SOLON — Marion Coach Steve Fish recalled his first assistant baseball coaching job.
He was on the Cedar Rapids Washington staff of Hall of Famer Harold “Pinky” Primrose, who coached Fish his final two years at Coe College. He couldn’t fathom nearing Primrose’s 728 career wins.
“I thought to myself, ‘Oh my God, I don’t know if I’ll stay around that long to coach,’” Fish said with a laugh. “Just to think I’m within sniffing distance of Pinky Primrose makes me proud. I hope I make him proud a little bit.”
Fish reached the 700-career victory club after Class 3A fifth-ranked Marion’s Wamac Conference doubleheader sweep of No. 6 Solon Monday night at Solon. The Indians won 3-2 and 5-0, receiving complete-game gems from Rick Atkins and Dane Carstensen for 10 straight wins.
“About the seventh inning, I heard this was for 700,” said Carstensen, who threw a three-hitter with five strikeouts in the nightcap. “I’ve been with him for three years. Both of my brothers went through the program. We all love the guy, so it was like 'let’s go out here and get it done and over with.'”
The players knew. They are a key to his longevity and success.
“Great kids,” Fish said. “I told them it’s all about good kids and relationships.”
Fish recalled his first baseball memory, attending a Washington Senators baseball game with his dad, Dennis, who was a naval officer. He credited his father for his love of the game.
“I walked in and remember seeing the green grass,” Fish said. “I was hooked. I loved baseball. I think I lived in a baseball uniform.”
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Primrose also had a resounding impact on Fish as well. He said he tried to soak up as much knowledge as possible for the longtime high school and college coach who has been a big part of the local baseball landscape.
“He taught me a lot,” Fish said. “I realized I wanted to be a baseball coach. I loved sitting next to him and listening to him talk. I owe a lot to him.”
Fish passed on the love of baseball to his sons, coaching Byron, B.J. and Baylor, who now learns from his dad as a current Marion assistant. Fish also helped coach his daughter, Brittany. Family is important to Fish. He praised them for their efforts that allowed him to be a coach, especially his wife, Vickie.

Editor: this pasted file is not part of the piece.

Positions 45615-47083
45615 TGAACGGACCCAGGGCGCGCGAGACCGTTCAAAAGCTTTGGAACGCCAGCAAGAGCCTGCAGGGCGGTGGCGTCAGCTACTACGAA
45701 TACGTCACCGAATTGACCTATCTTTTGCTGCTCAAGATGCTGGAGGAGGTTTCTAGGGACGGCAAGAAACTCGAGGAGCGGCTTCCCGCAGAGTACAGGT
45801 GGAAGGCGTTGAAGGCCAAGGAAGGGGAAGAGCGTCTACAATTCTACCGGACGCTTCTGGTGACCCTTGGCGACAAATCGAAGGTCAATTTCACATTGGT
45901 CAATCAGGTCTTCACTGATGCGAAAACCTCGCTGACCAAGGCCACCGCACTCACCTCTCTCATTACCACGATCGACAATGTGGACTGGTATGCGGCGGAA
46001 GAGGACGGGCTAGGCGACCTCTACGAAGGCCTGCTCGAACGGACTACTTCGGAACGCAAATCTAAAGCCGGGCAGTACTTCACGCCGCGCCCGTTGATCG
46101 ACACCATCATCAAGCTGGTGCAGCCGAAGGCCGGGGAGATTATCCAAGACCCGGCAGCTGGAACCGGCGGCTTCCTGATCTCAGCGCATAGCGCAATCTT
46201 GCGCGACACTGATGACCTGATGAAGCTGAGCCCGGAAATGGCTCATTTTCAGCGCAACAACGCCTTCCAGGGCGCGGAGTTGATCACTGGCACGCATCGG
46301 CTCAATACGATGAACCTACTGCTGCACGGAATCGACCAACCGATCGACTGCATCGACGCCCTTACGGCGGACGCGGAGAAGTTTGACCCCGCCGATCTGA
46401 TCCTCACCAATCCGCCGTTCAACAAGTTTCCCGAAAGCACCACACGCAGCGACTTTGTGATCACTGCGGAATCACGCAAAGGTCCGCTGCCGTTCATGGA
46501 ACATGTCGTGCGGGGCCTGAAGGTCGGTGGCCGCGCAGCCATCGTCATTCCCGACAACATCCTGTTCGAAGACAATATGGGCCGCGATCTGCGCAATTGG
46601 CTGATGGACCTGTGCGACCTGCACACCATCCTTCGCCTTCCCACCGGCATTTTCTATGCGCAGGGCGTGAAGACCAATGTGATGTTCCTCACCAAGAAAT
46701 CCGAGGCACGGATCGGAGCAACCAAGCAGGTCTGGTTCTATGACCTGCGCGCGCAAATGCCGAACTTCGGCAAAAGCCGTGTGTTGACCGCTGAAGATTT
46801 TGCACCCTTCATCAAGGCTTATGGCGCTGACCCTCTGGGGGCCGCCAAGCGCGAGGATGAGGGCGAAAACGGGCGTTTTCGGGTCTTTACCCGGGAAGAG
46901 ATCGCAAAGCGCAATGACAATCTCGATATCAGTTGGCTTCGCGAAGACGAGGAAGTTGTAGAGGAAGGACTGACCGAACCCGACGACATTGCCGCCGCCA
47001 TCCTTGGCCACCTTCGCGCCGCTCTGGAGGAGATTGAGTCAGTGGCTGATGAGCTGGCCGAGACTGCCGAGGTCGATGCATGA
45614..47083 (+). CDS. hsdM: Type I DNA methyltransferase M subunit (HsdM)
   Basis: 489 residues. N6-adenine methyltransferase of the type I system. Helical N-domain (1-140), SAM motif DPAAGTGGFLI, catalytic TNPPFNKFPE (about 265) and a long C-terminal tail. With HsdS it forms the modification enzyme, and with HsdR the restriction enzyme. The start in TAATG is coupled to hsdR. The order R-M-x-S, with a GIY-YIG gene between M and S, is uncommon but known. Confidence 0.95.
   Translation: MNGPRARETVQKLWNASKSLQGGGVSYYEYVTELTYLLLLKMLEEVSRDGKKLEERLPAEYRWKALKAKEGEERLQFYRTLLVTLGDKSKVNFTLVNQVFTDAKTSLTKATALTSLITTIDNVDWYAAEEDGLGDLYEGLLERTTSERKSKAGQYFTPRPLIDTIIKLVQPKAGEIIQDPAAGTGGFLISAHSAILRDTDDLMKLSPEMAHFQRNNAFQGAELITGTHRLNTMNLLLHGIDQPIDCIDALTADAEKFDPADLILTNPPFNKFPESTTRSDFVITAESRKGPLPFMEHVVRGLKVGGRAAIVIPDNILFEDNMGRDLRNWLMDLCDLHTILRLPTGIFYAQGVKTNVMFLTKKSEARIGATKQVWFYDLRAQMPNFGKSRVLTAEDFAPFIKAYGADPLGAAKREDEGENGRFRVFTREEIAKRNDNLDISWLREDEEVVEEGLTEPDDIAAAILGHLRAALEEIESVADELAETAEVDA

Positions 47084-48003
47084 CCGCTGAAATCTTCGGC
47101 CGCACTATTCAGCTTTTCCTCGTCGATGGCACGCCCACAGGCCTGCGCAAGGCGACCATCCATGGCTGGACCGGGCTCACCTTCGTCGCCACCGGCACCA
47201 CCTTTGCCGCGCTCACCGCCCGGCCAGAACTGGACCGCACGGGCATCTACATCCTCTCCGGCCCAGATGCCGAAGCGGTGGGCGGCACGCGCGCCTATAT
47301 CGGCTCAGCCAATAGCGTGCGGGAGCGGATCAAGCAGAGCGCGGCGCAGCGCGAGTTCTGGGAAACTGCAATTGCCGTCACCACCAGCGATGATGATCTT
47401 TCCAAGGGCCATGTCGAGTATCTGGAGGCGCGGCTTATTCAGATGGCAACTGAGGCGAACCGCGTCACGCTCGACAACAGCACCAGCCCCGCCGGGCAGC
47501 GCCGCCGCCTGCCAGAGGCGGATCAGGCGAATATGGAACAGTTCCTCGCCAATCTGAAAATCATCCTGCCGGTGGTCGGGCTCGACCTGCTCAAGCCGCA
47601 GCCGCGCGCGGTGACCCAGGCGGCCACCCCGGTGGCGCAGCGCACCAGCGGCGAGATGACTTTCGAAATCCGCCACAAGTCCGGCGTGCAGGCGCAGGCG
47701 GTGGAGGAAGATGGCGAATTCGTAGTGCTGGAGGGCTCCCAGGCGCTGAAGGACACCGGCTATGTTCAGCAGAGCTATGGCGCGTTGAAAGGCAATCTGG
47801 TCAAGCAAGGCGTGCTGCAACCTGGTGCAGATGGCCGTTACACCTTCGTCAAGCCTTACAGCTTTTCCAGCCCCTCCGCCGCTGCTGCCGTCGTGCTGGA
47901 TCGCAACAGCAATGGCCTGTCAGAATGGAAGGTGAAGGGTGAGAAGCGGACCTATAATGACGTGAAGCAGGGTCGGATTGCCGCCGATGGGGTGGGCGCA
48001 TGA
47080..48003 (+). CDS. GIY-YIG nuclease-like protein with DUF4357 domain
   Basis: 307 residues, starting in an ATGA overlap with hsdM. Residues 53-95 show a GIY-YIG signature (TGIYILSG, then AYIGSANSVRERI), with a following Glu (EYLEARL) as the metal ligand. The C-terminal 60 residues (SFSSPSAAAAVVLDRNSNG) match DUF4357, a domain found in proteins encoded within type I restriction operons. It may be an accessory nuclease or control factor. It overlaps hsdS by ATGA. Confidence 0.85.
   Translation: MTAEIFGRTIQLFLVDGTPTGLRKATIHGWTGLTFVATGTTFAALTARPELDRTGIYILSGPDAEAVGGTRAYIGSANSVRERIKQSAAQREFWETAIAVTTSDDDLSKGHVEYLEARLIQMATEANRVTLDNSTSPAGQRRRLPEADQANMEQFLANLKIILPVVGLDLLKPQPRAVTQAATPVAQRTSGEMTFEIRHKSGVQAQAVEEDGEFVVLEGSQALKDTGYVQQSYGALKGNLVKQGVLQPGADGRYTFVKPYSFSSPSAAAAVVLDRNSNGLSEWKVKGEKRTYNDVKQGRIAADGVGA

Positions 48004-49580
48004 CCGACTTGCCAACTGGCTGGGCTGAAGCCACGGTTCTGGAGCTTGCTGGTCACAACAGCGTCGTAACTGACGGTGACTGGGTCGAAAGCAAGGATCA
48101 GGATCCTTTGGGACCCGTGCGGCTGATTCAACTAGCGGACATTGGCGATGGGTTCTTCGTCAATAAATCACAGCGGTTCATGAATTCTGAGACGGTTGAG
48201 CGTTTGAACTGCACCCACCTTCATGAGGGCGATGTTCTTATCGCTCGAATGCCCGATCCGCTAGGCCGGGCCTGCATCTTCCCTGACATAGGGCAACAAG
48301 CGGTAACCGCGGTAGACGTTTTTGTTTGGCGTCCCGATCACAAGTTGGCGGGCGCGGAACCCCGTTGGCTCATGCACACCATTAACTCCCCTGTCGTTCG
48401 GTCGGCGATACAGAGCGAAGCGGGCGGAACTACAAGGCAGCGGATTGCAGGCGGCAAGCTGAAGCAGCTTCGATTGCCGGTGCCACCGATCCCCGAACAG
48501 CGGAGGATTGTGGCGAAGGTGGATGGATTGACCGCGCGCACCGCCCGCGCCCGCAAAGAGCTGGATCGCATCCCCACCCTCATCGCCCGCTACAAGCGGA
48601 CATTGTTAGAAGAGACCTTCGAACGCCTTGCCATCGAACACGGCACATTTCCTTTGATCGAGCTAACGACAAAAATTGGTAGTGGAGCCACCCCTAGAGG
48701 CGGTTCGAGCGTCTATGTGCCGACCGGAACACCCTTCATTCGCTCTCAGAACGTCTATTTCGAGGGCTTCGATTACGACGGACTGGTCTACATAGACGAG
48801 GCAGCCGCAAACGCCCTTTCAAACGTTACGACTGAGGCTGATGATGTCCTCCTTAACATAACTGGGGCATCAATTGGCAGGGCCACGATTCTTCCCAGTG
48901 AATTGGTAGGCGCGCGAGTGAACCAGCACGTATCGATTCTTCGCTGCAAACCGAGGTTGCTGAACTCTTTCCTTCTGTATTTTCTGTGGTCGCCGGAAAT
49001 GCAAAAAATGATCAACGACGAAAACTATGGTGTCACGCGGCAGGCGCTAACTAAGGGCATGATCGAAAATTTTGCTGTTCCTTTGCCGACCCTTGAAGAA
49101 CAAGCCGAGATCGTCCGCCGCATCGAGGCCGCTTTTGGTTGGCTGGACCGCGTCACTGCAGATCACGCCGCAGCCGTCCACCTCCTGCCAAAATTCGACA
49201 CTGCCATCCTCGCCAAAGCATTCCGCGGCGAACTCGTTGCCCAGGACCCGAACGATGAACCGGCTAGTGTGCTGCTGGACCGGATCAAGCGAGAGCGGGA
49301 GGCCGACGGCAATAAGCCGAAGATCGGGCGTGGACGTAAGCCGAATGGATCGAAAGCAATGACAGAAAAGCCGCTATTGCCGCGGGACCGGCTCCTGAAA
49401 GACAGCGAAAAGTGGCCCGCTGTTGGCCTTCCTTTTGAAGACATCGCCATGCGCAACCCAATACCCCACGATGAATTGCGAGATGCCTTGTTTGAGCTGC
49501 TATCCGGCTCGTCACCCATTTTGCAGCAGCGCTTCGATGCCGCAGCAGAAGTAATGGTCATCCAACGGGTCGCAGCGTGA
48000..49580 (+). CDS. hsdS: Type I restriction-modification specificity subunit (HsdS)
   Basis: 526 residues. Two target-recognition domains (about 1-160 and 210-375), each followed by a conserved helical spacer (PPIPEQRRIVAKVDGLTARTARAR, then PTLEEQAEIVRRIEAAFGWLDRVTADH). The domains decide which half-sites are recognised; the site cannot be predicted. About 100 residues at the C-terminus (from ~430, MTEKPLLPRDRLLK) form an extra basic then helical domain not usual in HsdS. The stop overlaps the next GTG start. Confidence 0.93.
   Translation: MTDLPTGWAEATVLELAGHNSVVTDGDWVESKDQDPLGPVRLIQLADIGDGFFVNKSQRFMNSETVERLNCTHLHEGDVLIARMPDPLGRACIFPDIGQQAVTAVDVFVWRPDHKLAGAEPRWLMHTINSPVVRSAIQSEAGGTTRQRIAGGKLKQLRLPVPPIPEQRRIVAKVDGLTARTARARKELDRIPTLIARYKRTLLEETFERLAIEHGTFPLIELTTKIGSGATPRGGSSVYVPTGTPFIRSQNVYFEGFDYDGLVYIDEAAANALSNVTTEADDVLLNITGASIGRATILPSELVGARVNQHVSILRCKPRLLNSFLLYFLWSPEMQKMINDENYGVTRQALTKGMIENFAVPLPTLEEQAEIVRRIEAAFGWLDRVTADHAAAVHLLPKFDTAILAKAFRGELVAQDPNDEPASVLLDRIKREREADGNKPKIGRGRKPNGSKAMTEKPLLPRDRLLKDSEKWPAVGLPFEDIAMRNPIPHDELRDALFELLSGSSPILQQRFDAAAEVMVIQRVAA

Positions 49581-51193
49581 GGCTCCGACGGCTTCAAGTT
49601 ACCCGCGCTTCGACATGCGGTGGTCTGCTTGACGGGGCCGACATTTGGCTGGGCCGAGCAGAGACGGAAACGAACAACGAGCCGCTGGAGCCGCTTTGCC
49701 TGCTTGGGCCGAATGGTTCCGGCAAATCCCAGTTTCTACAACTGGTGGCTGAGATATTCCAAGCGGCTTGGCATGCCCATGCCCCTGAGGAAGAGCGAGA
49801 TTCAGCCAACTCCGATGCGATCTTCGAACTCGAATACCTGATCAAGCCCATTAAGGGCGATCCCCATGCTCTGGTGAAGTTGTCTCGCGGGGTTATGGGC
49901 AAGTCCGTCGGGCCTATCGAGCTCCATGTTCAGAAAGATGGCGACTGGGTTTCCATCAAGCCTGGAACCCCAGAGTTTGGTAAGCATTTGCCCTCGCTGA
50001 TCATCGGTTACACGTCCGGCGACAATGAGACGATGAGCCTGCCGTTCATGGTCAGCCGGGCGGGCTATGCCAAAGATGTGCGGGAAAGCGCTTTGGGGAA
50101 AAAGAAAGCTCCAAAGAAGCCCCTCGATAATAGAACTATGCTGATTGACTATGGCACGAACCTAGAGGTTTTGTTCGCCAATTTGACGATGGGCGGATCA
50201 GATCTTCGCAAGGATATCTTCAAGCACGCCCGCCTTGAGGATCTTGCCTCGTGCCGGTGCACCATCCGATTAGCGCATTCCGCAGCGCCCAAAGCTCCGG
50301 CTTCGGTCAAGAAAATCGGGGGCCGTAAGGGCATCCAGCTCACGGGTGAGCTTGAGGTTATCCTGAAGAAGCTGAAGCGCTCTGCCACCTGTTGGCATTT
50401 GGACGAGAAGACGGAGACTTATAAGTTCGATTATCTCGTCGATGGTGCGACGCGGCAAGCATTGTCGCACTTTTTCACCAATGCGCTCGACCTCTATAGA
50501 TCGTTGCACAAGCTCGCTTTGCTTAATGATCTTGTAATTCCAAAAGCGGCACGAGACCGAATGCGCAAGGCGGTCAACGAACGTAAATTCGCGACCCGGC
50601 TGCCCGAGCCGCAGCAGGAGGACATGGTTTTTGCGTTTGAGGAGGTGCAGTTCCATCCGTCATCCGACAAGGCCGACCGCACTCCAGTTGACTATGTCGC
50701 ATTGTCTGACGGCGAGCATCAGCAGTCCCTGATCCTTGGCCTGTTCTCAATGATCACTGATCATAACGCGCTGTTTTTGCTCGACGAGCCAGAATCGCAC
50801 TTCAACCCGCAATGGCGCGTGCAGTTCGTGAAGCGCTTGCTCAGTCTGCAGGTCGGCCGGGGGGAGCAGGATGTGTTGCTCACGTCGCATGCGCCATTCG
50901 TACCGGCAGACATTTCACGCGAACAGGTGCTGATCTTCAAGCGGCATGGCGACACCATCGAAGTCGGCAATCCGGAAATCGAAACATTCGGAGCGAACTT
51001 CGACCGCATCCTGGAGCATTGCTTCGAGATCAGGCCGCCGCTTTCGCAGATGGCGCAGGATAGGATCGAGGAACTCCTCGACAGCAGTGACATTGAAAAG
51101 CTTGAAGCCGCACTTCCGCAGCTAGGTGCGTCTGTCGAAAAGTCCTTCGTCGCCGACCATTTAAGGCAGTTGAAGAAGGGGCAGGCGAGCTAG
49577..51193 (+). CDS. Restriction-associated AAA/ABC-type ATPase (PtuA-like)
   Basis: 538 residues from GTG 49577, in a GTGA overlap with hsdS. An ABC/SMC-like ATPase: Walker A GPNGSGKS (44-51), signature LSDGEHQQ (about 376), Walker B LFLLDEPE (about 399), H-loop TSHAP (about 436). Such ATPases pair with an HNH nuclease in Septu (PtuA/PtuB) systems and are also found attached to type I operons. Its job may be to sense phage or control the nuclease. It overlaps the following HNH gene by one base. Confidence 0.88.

“I have an awesome family,” Fish said. “My wife and kids, they are my support.”
Marion put him in position for the milestone with a win in the opener. Atkins threw a three-hitter, striking out 11. The Indians scratched out three runs, albeit in unorthodox fashion. One came on a bases-loaded walk in the first, a balk brought in the next in the fourth and pinch-hitter Mark Horcher drove in the winning run in the sixth, resulting from the Spartans’ only error in Game 1.
In Game 2, two errors helped Marion in a two-run third. Gage Franck added an RBI single in the fourth and Austin Prier had a run-scoring single in the two-run fifth.
Carstensen tossed Marion’s fourth shutout in the last six games. Fish said Carstensen has been Mr. Reliable and was a game-time decision to start on the mound. He only faced 24 batters — three more than the minimum — and never let a Spartan reach third base.
“It’s all about throwing strikes, getting it over the plate and letting the other team put it in play,” said Carstensen, who improved to 3-1 with a 0.97 earned-run average. “I seemed to throw a little bit hard tonight, so I was just trying to throw strikes out there.”
The Indians (18-3, 14-2) keep finding ways to win.
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“We’ve been playing really good team baseball,” Fish said. “Different guys step up. We’re not exactly flashy but I like our guys a lot.
“We’ve got some good pitching. We got some timely (hitting). We were fortunate they threw a couple runs to us and we took advantage of it.”
Ryan Geistkemper had three hits and two RBIs to lead Solon (14-8, 11-6).
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